Have you ever heard of the VAT tax and wondered what it is? Several friends who are planning trips to Europe this spring and summer asked me about it and I thought the topic would make a good post. I hope this information will be useful and will give you confidence to claim your refunds if you are entitled to them. Rick Steves is right – Tourists leave millions of dollars in Europe every year by not claiming their refunds.
A value added tax or VAT is a form of consumption tax. From the perspective of the buyer, it is a tax on the purchase price. From that of the seller, it is a tax only on the “value added” to a product, material or service. The “value added” to a product by a business is the sale price charged to its customer, minus the cost of materials and other taxable inputs. A VAT is like a sales tax in that ultimately only the end consumer is taxed. – Wikipedia
Rick Steves writes about it this way:
” Every year, tourists visiting Europe leave behind millions of dollars of refundable sales taxes. For some, the headache of collecting the refund is not worth the few dollars at stake. But if you do any serious shopping, it’s hard cash — free and fairly easy to claim.
You just have to bring your passport along on your shopping trip, get the necessary documents from the retailer, and track down the right folks at the airport, port, or border when you leave. (This will give you something to do while you’re hanging around waiting for your flight or ferry.)
The standard European Union Value-Added Tax ranges from 15 to 25 percent per country, averaging about 20 percent overall. Rates change; you can double-check with merchants when you’re there.
Unlike business travelers, tourists aren’t entitled to refunds on the tax they spend on hotels and meals. Still, you can get back most of the tax you paid on merchandise such as clothes, cuckoos, and crystal.
To get any refund, your purchase has to be above a certain amount — ranging from about $30 to several hundred dollars, depending on the country (except in Ireland, which has no minimum). Typically, you must ring up the minimum at a single retailer — you can’t add up your purchases from various shops to reach the required amount — so if you’re doing a lot of shopping, you’ll benefit from finding one spot where you can buy big. If you’ll be in Europe for a long time, shop near the end of your trip. You need to collect your refund within three months of your purchase.”
If you would like to know more about the European Union you can find the information here.
I have received VAT tax refunds in Denmark, Germany, Italy and France and the procedure is basically the same in each country. If you plan to do any serious shopping the amount necessary to qualify for the tax is easy to reach. If you are thinking about cookware in Paris I recommend E. Dehillerin because they have the best of everything at the most reasonable prices we found anywhere. For example, if you love copper cookware and find a beautiful saute or sauce pan with the price tag of 175€ the actual price after the 19.6% refund is 140.70€, a big difference in my book.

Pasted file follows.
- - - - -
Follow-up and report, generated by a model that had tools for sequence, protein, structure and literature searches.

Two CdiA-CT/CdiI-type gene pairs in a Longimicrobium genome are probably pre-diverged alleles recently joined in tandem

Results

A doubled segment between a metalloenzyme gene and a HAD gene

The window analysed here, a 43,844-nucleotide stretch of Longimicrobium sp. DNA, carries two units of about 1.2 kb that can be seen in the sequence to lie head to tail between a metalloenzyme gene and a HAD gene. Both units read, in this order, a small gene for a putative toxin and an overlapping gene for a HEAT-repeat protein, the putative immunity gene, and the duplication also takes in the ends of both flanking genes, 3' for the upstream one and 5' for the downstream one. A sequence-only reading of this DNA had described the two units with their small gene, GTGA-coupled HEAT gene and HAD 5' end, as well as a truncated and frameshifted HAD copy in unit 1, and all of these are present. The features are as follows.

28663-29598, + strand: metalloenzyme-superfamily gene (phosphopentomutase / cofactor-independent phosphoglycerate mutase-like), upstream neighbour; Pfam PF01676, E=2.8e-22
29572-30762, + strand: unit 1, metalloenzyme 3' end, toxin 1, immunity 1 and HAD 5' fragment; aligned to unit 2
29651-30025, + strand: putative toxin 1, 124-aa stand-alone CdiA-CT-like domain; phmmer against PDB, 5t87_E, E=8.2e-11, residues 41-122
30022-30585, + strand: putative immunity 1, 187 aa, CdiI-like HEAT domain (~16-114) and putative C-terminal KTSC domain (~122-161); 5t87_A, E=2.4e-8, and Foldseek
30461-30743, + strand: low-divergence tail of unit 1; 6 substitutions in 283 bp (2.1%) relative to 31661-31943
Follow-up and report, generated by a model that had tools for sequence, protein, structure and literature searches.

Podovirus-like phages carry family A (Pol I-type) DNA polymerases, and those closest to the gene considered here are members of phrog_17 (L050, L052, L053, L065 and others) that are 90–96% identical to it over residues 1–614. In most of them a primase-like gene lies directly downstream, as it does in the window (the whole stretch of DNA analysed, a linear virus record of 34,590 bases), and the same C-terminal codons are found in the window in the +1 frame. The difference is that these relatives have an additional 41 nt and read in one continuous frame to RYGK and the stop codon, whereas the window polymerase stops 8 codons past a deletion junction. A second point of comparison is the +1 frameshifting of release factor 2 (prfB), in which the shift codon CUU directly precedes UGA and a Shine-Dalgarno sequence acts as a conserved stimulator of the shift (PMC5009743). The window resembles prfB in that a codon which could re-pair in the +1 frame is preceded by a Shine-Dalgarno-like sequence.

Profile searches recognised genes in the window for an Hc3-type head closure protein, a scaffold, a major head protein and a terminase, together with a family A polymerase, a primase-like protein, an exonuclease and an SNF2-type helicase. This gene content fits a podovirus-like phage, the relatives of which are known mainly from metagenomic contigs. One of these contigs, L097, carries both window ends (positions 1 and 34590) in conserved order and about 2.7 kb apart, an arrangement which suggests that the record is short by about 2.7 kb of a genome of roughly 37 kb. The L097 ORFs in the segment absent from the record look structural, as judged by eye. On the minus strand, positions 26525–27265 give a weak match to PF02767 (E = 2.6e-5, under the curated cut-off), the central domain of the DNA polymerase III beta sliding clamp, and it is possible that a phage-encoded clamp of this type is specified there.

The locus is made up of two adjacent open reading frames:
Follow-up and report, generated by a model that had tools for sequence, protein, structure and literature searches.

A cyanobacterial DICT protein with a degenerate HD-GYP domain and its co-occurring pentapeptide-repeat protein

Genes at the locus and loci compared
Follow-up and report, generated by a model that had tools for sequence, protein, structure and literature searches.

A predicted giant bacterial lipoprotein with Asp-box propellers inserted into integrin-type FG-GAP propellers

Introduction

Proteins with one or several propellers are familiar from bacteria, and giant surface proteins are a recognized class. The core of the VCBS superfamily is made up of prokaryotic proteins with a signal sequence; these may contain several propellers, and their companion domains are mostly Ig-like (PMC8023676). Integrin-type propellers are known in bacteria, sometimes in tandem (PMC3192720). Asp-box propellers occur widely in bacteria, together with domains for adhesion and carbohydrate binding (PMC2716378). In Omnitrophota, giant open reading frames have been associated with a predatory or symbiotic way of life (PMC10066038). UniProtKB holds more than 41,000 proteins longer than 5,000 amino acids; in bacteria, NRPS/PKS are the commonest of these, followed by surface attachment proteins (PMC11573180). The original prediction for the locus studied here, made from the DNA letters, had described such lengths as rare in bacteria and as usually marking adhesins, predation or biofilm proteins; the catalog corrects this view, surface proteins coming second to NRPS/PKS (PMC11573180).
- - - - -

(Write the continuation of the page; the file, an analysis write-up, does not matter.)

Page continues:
The VAT tax can really add up on big ticket items.
The VAT Tax in France is 19.6% and purchases of over 175€ are eligible for reimbursement of the tax. This minimum must be met with each retailer – you can’t add up your purchases from various shops. That is one reason selecting a large retailer like E. Dehillerin can be a good choice. It’s very easy to reach the €175 mark and an almost 20% refund is significant. For a serious shopper, a family, or even several friends, pooling your purchases usually won’t make this a difficult limit to reach.
Getting a refund is easy (or more accurately worth the effort) if you just follow a few steps and make sure you have the correct paperwork. Ask retailers if they participate in the VAT program. Be sure to have your passport with you when you make your purchases. Ask the merchant to fill out the necessary paperwork and be sure it is completed BEFORE you leave the store. Attach your receipt to the form. We purchased cookware at E. Dehillerin and they filled out all the paperwork and gave us a stamped return envelope so we could mail it from the airport, so that part of the process was easy.
When you arrive at the airport go to the Customs Desk BEFORE (very, very, very important) checking in (look for the Detaxe sign) . They will want to see your passport, the paperwork from the merchant, your receipt and the purchased goods. They will stamp your papers and you can mail them right there at the airport. We had our refunds on our first credit card statement after the trip.
Make sure you allow enough time (at least an additional hour before the time required for checking in at the airport) for Customs. At CDG and Orly airports, you may find long lines of other travelers at the customs counter, especially during the tourist season. (Pray that you are not in line behind a tour group). We had no problems with lines and got through the process very quickly.
A bit of a Catch 22 – You also want to make sure you don’t arrive too early. Customs at CDG will not process a claim more than 3 hours prior to your flight. Your flight must appear on the Departure board for customs to endorse your forms.
If all this sounds complicated and time consuming it really isn’t. There are just a few simple steps that you must take and it’s very important that these are done right (or forget it!!!!) If you don’t get it right the first time just consider it a learning experience and you will know better next time. You won’t be out anything except a little time and you may have a nice refund on your next credit card statement.